Quest to Document the Crest

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Written by Justin West

A couple of years ago, and just prior to my coming to ERG, I made a decision to hike the Pacific Crest Trail.  Being a botanist and naturalist my first bit of research was to find out what kind of field guides exist for the trail.  My research into the subject, however, quickly revealed that there is no field guide yet written.  What started as a plan to hike quickly turned into (and continues to be) a saga to write that book.  I thought it a shame that even though several hundred people hike the entire way each year, and untold thousands more hike portions of it, that there exists no field guide for the route.  There is a two volume guidebook series which will walk you through the route itself and provides basic information on the geology and wildlife, but offers nothing in the way of actually enabling ecoliteracy to any great depth.  Because my background is in plants, and because they are a relatively easy entry point into ecoliteracy (they don’t run away or only come out at night), I decided to focus the guidebook on the vegetation of the PCT.

After all, the landscape patterns, temporally and spatially scaled from geologic events to microscopic plant/fungi symbioses, are a veritable biophilic feast laid out along this 2,660 mile long banquet hall table extending from Mexico to Canada and passing through desert, chaparral, montane forests, temperate rain forests, alpine peaks, wetlands, high meadows, and snow fields.  To document the botanical diversity along the trail from El Campo, California to Manning Park at the Canadian border, I spent the last two summers walking the trail and collecting over 1,900 specimens, 18,000 photographs, and approximately 80 hours of audio notes (wasn’t that a joy to transcribe this winter!)  

Using an early version of the second edition of The Jepson Manual, I made determinations along the way and have since followed up with something like a couple hundred hours in the Jepson herbarium as well as in consultation with botanists at UC/JEPS (John L. Strother, Margreit Wetherwax, Bruce G. Baldwin, and Alan Smith) and botanists around the state, Andy Sanders (UCR), Lawrence Janeway (CSU Chico), Debra Trock (CAS), and John Bair (riparian specialist, Humboldt Co.)  The draft species list is currently at about 1,450 taxa. 

In order to carry out research of this kind I gladly borrowed from several schools of thought. I combined my knowledge of long distance hiking (gained in 1999 during a 5 month thru-hike of the Appalachian Trail), my background in vegetation ecology and field botany, as well as recent developments in ultra-light gear manufacturing. I ended up modifying some traditional field research methods in order to accommodate what became a 20-30 mile/day pace. Along the way I went through several iterations on a design for a lightweight plant press, eventually coming up with something I can imagine myself using for the rest of my life.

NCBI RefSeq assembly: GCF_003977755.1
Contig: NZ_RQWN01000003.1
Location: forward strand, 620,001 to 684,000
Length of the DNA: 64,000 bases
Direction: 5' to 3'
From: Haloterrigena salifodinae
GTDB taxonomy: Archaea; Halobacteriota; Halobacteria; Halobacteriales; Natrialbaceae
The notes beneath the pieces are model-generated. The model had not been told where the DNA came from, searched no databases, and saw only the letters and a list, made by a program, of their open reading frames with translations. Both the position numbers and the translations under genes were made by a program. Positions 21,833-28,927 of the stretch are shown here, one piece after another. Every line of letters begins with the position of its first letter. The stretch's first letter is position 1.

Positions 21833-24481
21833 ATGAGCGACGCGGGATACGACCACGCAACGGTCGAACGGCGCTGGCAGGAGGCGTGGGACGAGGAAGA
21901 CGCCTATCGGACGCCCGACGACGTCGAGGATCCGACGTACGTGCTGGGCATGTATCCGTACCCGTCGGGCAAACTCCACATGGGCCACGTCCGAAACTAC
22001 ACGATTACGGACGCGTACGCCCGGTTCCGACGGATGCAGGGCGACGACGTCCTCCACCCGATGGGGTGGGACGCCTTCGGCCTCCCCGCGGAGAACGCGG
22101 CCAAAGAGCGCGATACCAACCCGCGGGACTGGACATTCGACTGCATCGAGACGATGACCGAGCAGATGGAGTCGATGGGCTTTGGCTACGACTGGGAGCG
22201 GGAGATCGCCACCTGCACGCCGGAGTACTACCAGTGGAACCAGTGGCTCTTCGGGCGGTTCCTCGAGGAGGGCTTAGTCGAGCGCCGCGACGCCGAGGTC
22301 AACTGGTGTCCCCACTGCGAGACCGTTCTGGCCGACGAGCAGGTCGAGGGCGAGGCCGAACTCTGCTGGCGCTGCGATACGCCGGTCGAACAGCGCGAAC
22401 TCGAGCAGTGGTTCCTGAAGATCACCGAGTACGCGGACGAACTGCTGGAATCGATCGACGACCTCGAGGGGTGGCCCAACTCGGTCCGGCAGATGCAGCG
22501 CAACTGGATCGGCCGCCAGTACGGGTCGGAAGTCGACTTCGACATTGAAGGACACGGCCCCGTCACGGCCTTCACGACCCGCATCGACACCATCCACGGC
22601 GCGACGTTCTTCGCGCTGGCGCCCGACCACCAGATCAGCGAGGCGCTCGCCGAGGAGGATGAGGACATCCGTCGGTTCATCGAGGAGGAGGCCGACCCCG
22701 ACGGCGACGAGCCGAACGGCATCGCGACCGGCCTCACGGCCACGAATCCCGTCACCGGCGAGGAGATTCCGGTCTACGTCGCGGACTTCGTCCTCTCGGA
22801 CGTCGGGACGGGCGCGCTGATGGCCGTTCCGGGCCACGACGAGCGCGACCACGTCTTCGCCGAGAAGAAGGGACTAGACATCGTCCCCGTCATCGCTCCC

I was never able to go ‘ultralight’ per se, as the project required that I carry certain otherwise unnecessary pieces of gear.  However, there were ways to make even that load lighter such as finagling an electronic beta version of the new Jepson Manual onto my kindle and thereby reducing a 5+lb book down to 8 ounces.  Ultimately I had my pack weight down to about 10lbs of core gear, 10lbs of project/research gear, and about 12lbs of food and water.  

In order to fuel myself I needed to consume about 4-5,000 calories a day of energy bars, nuts, dried fruit, and home prepared venison…as well as basically anything I could get my hands on whenever I got into a town.  I wore through five pairs of trail runners, a couple shirts, a tent, and a pack.  The shoe bill alone put me at about $.23/ mile.  Compare that to the roughly $.01/ mile we currently spend on tires (all four of them).  As for my fuel I was probably spending about $.30/mile or $10.50/gallon if I were a fuel “efficient” (let’s pretend we even know what that word means in this country) midsize car getting 35 mpg.  Put another way, I figure I’m about as fuel efficient as a 1986 Ford Econoline Van riding on bologna skins and sagging in the rear from shot struts and too much gear.  There’s nothing like a good long walk to get you reconsidering the value of what you have at your disposal when you finally get home.

In order to fund this project I raised money through the online platform Kickstarter as well as through generous gear sponsorship from several companies including Gossamer Gear, Cliff Bar, and Salomon. If you’d like to find out more about the trip check out my blog.

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